Hunter sent a brief note to media companies in the morning to inform them of the news. But the chaos quickly engulfed the non-news landscape.
Nearly all these pages were recovered within 24 hours, but they gave the public a glimpse at a world where the primary source of news for millions of people had no news on it. It was particularly concerning to health organisations, which were blocked just days ahead of the vaccine rollout for the coronavirus pandemic.
Health Minister Greg Hunt said he was concerned that vaccine conspiracies and misinformation would thrive on the platform in the absence of news. Facebook has fact-checking processes in place for this misinformation and is preparing a framework with the media regulator and other tech companies to manage it. But the absence still means a lack of balance between what is factual and what isn’t.
Seven West Media was the first large local media company to sign a deal with Google. Seven Group Holdings chief executive Ryan Stokes said it was in Facebook’s interests to get information back on the platform.
”Their decision to ban legitimate news and information … makes them seem more like a publisher than just a digital platform,” he told The Sydney Morning Herald and The Age.
“I think the government’s commitment to pushing the code through and legislation through is a really important position and being resolute in that and not responding to these types of interim steps and decisions, I think is really important. And then I think it’s going to be up to Facebook. And frankly, I think it’s in their interest to get the information back on their platform, because that’s what their users want.”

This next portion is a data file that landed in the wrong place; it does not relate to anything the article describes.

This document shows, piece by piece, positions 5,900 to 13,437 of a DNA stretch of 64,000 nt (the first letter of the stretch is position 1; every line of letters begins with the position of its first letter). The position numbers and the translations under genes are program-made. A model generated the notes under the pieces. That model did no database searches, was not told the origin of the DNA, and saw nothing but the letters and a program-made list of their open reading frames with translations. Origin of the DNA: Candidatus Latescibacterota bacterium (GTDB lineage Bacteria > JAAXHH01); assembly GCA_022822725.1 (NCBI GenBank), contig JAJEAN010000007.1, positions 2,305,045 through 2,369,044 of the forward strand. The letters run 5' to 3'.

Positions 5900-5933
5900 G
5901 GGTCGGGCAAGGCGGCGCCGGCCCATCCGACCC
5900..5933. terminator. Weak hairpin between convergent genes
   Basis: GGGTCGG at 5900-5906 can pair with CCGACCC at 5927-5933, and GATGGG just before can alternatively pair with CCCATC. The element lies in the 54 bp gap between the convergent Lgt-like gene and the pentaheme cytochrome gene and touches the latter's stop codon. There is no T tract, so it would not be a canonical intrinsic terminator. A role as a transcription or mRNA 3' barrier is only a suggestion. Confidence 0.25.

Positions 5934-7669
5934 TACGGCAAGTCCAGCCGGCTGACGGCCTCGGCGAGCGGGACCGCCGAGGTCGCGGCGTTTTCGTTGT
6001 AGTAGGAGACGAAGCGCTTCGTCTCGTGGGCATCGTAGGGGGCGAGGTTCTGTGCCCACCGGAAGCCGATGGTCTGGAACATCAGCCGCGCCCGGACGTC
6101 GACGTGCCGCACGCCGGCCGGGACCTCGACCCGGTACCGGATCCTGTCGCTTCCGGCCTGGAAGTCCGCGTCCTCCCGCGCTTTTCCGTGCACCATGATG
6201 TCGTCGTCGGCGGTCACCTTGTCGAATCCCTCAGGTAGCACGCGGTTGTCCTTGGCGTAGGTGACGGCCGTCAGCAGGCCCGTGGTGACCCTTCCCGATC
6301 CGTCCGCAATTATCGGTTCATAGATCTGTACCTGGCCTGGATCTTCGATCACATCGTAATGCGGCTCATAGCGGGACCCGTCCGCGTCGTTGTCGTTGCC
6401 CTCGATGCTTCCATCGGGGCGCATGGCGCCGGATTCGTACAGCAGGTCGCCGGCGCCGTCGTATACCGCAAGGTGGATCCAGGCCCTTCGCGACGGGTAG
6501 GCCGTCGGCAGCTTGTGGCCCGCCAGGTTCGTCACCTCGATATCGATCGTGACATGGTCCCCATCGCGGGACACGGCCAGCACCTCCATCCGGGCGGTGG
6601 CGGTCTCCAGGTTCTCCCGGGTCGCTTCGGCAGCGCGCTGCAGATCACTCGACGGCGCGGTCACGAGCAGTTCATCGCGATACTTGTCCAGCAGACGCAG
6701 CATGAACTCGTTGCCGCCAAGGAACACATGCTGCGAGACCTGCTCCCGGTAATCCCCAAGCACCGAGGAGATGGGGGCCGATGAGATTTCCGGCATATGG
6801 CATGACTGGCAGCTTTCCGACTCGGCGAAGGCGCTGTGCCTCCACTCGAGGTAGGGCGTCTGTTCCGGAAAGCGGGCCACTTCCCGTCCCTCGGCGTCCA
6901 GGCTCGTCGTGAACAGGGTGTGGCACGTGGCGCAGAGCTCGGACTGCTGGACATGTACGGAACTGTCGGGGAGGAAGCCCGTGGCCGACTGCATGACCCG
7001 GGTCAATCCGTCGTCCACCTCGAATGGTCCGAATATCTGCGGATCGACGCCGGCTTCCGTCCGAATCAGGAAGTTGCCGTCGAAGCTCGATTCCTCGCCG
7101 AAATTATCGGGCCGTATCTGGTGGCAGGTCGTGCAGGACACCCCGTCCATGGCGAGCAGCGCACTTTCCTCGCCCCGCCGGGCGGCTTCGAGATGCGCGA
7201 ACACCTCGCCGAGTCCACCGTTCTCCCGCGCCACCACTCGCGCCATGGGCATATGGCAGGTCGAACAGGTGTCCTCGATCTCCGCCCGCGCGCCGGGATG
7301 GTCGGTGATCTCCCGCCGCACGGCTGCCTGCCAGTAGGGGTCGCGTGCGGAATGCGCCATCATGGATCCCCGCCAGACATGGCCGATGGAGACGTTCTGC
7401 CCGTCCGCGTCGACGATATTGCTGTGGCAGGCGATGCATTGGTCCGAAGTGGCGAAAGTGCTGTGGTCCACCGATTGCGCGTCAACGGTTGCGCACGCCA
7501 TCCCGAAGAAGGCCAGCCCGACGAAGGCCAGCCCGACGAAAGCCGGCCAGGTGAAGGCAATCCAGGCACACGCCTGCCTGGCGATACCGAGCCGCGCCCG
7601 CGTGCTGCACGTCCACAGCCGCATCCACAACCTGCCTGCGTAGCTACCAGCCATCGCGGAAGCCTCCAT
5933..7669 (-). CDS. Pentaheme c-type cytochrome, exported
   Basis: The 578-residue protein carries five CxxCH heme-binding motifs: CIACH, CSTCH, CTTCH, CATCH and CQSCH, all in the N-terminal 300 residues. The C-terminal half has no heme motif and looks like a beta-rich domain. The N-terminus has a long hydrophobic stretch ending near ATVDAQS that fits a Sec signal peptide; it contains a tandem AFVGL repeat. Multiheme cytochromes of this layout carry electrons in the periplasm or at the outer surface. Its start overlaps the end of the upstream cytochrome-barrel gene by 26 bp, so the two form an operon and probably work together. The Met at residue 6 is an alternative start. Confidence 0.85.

A 2020 Digital News report found 49 per cent of respondents used Facebook as a “source of news” about the pandemic and that social media platform remains the most popular way for Australians to access news online (37 per cent). Scrolling through Facebook’s newsfeed is a common way to find news and access news content. Seventeen million Australians use Facebook for information each month.
Facebook’s former managing director Stephen Scheeler says the long-term effect of the social media giant’s move is deeply concerning.
“In the short to medium term, quality, investigative journalism and important news is going to be absent from Facebook’s feed and if that goes on for a day or two, it’s not a big deal. But if it goes on for weeks and months and longer and it’s not replaced by something that’s an equally good substitute – in terms of quality of keeping people informed and keeping facts flowing around the democracy – we are winding up in an even worse place then we are now.